The five naked-eye planets — Mercury, Venus, Mars, Jupiter, and Saturn — have been known since antiquity. The Greeks called them Hermes, Aphrodite, Ares, Zeus, and Cronus, respectively.
Aphrodite (Venus to the Romans — and us) caused some problems until the third century b.c. Greek observers had named it Phosphorus when it appeared in the morning sky and Hesperus for its evening apparitions. It was Aristarchus of Samos, born around 310 b.c., who realized that these two objects were one and the same.
Centuries later, the Romans adopted the planets of the Greeks and simply changed their names to Mercury, Venus, Mars, Jupiter, and Saturn.
All was well until 1781, when German-born English astronomer William Herschel discovered a planet beyond Saturn. For more than half a century, there was no agreement on a name, and astronomers often referred to it as the planet Herschel. Cooler heads finally prevailed, and the name Uranus was added to the list.
In 1846, the English and French mathematicians John Couch Adams and Urbain Jean Joseph Le Verrier simultaneously predicted the position of an eighth planet, which astronomers found easily. After much wrangling, astronomers agreed on the name Neptune. Finally, in 1930, a young English girl named far-flung Pluto through an international appeal for suggestions. Uranus, Neptune, and Pluto are all names of Roman gods, so their choices preserved the overall naming scheme of the solar system.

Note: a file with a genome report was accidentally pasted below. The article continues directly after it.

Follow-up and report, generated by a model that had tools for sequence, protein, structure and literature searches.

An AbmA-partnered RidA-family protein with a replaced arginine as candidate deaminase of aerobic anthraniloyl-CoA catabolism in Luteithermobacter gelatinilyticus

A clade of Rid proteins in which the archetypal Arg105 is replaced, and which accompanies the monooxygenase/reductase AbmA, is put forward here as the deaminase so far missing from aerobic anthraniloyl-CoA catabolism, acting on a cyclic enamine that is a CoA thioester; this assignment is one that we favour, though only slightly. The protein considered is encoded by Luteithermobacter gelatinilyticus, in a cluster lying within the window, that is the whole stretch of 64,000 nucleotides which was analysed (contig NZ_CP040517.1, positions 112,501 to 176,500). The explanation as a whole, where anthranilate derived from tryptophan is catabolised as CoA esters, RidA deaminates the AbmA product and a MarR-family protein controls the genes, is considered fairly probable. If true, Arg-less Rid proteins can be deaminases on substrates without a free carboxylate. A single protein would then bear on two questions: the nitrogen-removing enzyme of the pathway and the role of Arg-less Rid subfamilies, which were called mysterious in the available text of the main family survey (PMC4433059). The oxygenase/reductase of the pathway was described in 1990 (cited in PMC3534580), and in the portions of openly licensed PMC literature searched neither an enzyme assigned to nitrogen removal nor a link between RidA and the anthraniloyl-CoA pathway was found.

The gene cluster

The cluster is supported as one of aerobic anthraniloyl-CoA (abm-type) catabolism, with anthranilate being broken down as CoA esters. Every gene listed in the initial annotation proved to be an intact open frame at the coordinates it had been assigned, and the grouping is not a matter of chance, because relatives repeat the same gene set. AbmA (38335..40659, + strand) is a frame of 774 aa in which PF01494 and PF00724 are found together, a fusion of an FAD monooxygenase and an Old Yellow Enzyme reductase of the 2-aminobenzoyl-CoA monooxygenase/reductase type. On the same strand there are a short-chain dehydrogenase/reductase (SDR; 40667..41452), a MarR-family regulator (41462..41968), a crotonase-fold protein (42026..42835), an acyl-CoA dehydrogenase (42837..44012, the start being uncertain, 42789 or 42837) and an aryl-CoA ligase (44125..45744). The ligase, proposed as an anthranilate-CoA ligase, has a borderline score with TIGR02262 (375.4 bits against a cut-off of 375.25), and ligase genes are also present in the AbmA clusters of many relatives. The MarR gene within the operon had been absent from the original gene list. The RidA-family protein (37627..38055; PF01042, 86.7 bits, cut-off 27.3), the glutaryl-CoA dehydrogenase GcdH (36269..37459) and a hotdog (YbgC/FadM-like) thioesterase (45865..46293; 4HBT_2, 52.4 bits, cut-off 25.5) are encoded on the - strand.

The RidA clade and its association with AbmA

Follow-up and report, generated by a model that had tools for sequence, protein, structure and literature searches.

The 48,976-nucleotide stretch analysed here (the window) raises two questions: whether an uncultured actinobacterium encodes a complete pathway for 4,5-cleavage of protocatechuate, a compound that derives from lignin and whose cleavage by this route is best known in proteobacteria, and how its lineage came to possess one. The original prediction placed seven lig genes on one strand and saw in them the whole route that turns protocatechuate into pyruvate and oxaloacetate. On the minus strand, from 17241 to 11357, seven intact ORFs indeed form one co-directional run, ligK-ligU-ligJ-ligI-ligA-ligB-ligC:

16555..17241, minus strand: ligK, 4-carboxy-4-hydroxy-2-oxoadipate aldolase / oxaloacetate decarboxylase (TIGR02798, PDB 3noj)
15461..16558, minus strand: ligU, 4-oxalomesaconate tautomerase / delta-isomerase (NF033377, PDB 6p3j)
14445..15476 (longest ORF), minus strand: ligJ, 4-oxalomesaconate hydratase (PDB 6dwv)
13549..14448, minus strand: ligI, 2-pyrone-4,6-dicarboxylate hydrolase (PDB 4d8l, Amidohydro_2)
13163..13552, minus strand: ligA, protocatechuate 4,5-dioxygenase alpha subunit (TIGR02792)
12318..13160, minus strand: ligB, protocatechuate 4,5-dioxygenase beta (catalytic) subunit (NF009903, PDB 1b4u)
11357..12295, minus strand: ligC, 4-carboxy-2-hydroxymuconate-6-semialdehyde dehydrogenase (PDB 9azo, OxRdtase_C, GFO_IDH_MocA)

Galileo Galilei discovered the first planetary moons around Jupiter in 1609. He wanted to name them the Medician Stars after his benefactor, Cosimo de’ Medici. However, the classical nomenclature that had prevailed for more than 2,000 years won out. Classical names were applied as more and more planetary moons were discovered.
The mold was broken at Uranus, however, when planetary scientists named its moons after characters found in the works of Shakespeare and Alexander Pope. Neptune’s moons got their names from Greek water gods, and the names of Pluto’s moons came from mythological inhabitants of the underworld.
The Greeks gave our Moon the name Selene, and Earth was Gaia. Both our modern words Earth and Moon derive from Middle English. So rather than Gaia or Selene, we have just plain old Earth and the Moon.